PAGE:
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Displaying posts with tag: scm (reset)
Connector/J moves to Git

I’m pleased to announce that Connector/J has a new home.

Just as several other MySQL products, Connector/J source code management moved to Git and, pretty much as expected, to GitHub. Our reasoning is nothing else than listening to our users demands and trying to follow best trends and practices. There was nothing significantly wrong with Bazaar and Launchpad, as they served us well for the last seven years. It was just time to move on.

Rest assured, all will work as before, no complications no hassles. Our public GitHub repository will expose Connector/J source code as it is in the latest generally available (GA) release, as it has been for the last years.

From now on you will find …

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Aspects and benefits of distributed version control systems (DVCS)

This blog post is a by-product of my preparation work for an upcoming talk titled "Why you should be using a distributed version control system (DVCS) for your project" at SAPO Codebits in Lisbon (December 3-5, 2009). Publishing these thoughts prior to the conference serves two purposes: getting some peer review on my findings and acting as a teaser for the actual talk. So please let me know — did I cover the relevant aspects or did I miss anything? What's your take on DVCS vs. the centralized approach? Why do you prefer one over the other? I'm looking forward to your comments!

Even though there are several distributed alternatives available for some years now (with Bazaar, git and …

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Mercurial Micro-News - GlassFish/Corba, Kenai and

GlassFish is taking a Detour Through SVN but since the plan is still to go to Mercurial I keep an eye on adoption news and noticed these two from BSC: OOo's Pilot Program and Ken's note on Corba and Kenai.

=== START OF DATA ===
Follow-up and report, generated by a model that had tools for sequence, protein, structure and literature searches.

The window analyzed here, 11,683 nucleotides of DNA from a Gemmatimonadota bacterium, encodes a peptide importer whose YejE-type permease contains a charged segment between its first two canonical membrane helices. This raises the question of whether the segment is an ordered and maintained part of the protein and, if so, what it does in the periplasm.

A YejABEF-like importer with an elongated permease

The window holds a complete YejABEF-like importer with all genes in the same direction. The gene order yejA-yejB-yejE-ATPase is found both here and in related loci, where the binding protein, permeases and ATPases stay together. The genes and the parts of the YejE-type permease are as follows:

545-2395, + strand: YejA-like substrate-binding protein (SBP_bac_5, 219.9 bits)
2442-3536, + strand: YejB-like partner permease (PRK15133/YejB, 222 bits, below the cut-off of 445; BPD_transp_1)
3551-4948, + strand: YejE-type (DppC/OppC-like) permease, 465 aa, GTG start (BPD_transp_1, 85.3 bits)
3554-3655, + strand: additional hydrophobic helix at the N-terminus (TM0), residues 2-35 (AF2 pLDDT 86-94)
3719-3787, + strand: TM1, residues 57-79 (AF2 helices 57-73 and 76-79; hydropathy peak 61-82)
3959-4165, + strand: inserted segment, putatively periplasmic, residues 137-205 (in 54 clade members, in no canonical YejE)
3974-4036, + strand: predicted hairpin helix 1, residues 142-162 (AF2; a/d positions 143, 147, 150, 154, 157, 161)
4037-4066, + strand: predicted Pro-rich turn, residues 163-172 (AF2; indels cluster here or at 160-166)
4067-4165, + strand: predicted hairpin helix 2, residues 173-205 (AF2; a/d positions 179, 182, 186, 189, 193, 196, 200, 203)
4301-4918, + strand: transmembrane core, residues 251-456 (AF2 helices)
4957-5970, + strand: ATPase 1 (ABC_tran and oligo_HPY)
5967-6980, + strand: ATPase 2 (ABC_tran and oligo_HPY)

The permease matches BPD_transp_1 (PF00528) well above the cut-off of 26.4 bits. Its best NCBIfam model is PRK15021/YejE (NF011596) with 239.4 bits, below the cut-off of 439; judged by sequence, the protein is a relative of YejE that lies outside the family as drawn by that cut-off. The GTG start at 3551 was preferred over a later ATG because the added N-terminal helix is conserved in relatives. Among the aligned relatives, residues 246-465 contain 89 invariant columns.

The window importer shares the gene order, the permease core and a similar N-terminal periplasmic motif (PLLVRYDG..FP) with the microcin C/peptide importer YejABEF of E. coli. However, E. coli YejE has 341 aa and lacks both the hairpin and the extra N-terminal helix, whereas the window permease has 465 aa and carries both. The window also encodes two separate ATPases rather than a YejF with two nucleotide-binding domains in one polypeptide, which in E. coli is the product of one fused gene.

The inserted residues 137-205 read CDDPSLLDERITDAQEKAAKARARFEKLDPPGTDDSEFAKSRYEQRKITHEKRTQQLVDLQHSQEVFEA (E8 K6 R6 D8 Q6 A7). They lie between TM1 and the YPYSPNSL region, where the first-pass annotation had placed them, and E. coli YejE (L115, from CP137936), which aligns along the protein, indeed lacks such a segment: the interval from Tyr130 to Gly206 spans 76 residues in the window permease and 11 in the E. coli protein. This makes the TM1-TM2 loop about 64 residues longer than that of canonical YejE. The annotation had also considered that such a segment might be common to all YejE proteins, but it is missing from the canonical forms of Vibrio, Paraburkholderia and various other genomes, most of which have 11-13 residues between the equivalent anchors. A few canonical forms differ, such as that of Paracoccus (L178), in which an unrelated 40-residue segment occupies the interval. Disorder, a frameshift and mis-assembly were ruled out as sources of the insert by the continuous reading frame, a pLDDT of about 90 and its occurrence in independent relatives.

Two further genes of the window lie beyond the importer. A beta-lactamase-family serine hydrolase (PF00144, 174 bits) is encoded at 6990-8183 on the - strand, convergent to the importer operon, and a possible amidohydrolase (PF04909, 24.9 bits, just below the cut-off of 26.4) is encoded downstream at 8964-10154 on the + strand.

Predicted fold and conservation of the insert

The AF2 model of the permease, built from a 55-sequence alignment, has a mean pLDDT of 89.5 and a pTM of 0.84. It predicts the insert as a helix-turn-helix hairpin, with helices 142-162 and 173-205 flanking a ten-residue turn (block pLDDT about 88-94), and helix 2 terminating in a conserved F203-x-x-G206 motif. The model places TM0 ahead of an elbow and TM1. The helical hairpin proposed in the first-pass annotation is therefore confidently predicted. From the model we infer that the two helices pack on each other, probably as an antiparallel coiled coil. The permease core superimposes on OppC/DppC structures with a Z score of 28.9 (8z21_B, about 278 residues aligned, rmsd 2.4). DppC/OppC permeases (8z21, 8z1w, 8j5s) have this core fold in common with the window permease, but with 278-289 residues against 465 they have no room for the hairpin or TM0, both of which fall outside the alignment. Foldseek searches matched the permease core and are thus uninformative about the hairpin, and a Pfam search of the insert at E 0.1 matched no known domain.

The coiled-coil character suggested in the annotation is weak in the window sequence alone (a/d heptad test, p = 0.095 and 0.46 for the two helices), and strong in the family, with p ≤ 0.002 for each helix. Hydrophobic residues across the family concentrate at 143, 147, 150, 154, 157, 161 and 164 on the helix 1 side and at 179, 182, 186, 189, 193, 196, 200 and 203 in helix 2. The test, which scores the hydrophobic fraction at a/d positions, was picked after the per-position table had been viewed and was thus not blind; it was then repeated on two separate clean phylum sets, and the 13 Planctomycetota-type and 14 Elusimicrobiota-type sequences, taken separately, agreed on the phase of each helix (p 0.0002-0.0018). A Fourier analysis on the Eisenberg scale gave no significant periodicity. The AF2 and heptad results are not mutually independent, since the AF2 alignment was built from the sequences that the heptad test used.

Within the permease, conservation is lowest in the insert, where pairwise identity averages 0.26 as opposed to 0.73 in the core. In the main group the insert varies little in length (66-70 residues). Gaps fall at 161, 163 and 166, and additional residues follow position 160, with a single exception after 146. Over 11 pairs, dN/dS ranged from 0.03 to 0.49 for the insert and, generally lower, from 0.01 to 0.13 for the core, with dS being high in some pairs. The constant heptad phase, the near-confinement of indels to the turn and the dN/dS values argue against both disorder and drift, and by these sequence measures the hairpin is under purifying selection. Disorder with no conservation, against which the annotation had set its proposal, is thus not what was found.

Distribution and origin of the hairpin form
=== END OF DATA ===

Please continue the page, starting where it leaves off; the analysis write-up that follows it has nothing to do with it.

From a quick visit to the Mercurial site some more news:

• …

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Project Kenai: looking at the technology behind it

While Colin beat me in blogging about Project Kenai, I think I can still provide some additional background information about this new project hosting service from Sun.

If you are a maintainer of an Open Source project, you currently have plenty of choice when it comes to getting your project hosted for free. One criterion could be your software configuration management system (SCM) of choice.

Some of the hosting services that I am currently aware of and the choice of SCM they offer include:

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Project Kenai

Sun is a huge company. So it comes as no surprise that I’m finding out about Project Kenai via Tim Bray, instead of some internal mailing list (believe me, there must be thousands).

Tim’s got a Q&A with Nick Sieger, who’s one of the chieftains behind Kenai. I find it amusing that the comparison is made against Google Code and GitHub - has SourceForge hit irrelevancy? I’m surprised Launchpad isn’t mentioned.

Very Cover Flow like UI, with slider, etc. That’s Elliot Murphy, ex-Dolphin, current Ubuntero in the pic above

Nick goes on to say “We need a place to nurture and grow our open source communities that we …

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Versioning your schema

How do you version your database schemas?

There are quite a lot of different options. On some very small / trivial applications developed by just one person, it might be acceptable to use ad-hoc queries (maybe with a GUI) to manage the schema - but this runs the risk of development and production schemas becoming out of sync (or rather, out of sync with their respective versions of code).

Requirements are typically

  • Schema changes are held with the rest of the software in a SCM system
  • Schema changes can be made in one development environment and will be correctly propogated with code to other development and production environments as required
  • Schema changes can be rolled back (if for example, a deployment contains a serious bug)

There doesn't seem to be an easy answer for this one.

Our teams do something like:

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Data Corruption!

At the start of this week, we suffered a corruption of our main 5.1 source code repository at MySQL. No data was lost, but I spent most of four working days on cleaning up the corruption, Monty spent one day, and many other people had to spend time on this or were stalled in their work while the problem was being resolved. Including the usual stories with fetching off-site backup tapes only to find them broken, etc.

Our source code repository is the centre that all our work in Engineering revolves around, and it just has to be stable. The confidence in the revision control software that we use suffers greatly from such an experience, and the lost confidence can never really be restored.

But there is a good lesson in this for MySQL, I think.

Like revision control software, MySQL is used by our users to store their valuable data. The database is the center around which applications revolve, and it must be …

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Showing entries 1 to 7